The Odious Guest and Citizen-led Accountability: Will South Africa Pass the Test? The prospect of yesterday’s freedom fighter becoming today’s accomplice is dismaying for a country with such a revered history of fighting injustice.
Sudan’s President Omar al-Bashir is not your typical transnational fugitive. The first sitting head of state to be indicted by the International Criminal Court (ICC), al-Bashir has resided comfortably in Khartoum since charges of genocide, crimes against humanity and war crimes were brought against him in 2009. In spite of widespread international opprobrium over the decade long bloodshed in Darfur, al-Bashir not only continues to lead a public life but also regularly travels to other countries, attending official functions in his capacity as the Sudanese head of state. Since 2009, al-Bashir has traveled across several continents, making trips to countries including Egypt, Kuwait, Saudi Arabia and China among others. His current liberty highlights not only the dearth of an effective enforcement arm at the ICC but also illustrates the reticence of world leaders to abide by their obligations and responsibilities as political and legal authorities. Such trends have in turn undermined established standards of international law.
Recently, al-Bashir was invited to attend the African Union (AU) Summit in South Africa, scheduled to take place from the 7th to the 15th of June. As a member of the ICC and the United Nations (UN), South Africa would be violating international law if it did not comply with the ICC warrant to arrest and surrender al-Bashir. Yet his invitation is also at odds with domestic law, given South Africa’s implementation of the ICC Act of 2002. As a result, the Rainbow Nation is playing politics at the expense of the rule of law, a worrying development for a country that has undergone a prolonged struggle for justice and human rights.
The invitation of the infamous fugitive represents both an opportunity and a challenge for Africa’s leading democracy. South African authorities may have extended an invitation to al-Bashir as a formality, ready to abide by their legal obligations under the Rome Statute and arrest and surrender the autocrat if he decides to enter their territory. However, the invitation could also represent President Jacob Zuma’s attempt to take the law into his own hands and violate both domestic and international law. Regardless of the government’s intentions, the people of South Africa retain momentous influence over their policymakers. President Zuma may be able to snub Darfur’s calls for justice, yet he cannot ignore his people. Hence, it is imperative that South Africans hold their government accountable for its actions.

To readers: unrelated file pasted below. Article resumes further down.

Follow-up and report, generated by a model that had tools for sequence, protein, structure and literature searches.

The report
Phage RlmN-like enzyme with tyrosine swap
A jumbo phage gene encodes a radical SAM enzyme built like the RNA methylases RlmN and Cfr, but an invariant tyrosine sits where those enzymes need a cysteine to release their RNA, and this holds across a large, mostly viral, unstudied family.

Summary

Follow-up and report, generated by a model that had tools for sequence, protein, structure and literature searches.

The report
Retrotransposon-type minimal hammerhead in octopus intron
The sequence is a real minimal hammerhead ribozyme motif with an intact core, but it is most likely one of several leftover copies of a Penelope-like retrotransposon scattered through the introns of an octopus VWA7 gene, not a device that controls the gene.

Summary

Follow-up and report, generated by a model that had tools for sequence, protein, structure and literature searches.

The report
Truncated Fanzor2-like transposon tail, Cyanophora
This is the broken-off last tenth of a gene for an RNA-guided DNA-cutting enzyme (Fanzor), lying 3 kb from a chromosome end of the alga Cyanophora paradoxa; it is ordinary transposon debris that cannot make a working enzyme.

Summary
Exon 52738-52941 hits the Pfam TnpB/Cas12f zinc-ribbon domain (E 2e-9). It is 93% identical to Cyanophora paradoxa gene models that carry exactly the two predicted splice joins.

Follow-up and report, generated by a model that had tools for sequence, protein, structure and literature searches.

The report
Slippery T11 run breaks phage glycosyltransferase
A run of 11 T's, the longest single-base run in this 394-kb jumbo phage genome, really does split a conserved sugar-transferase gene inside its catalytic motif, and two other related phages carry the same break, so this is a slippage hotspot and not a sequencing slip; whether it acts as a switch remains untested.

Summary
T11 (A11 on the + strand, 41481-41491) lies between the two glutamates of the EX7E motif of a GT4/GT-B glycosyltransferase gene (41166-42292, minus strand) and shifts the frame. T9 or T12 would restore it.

In light of this, Darfur Women Action Group (DWAG) and its partners have not let the ambiguous actions of the South African government go unnoticed. Bashir Watch, a coalition of human rights groups, recently sent a letter pressuring the South African authorities to respect the rule of law. http://bashirwatch.org/2015/06/04/south-africa-invites-bashir-to-participate-in-african-union-summit/ The letter was penned on behalf of a diverse group of civil society organizations including the Coalition of the International Criminal Court, the International Justice Project, United to End Genocide, Waging Peace, UK and DWAG. The coalition’s efforts have been successful on numerous occasions, most notably in preventing President al-Bashir’s notorious attempt to visit the United States for a UN summit. These organizations have focused on keeping not only the Sudanese authorities accountable for the atrocities committed in Darfur, but also the international community in its lackluster response to the unremitting barbarity that has ravaged Sudan’s remote region. As governments attempt to walk away from their responsibilities, citizens must be empowered to hold their leaders accountable and remind them of their obligations, an approach that DWAG has worked tirelessly to promote. Non-state actors shouldn’t have to bear the burden of fighting genocide, yet Darfur’s abandonment by the international community leaves those with a conscience no other choice but to remain true to the 20th century’s harshest lesson: ‘’never again’’.
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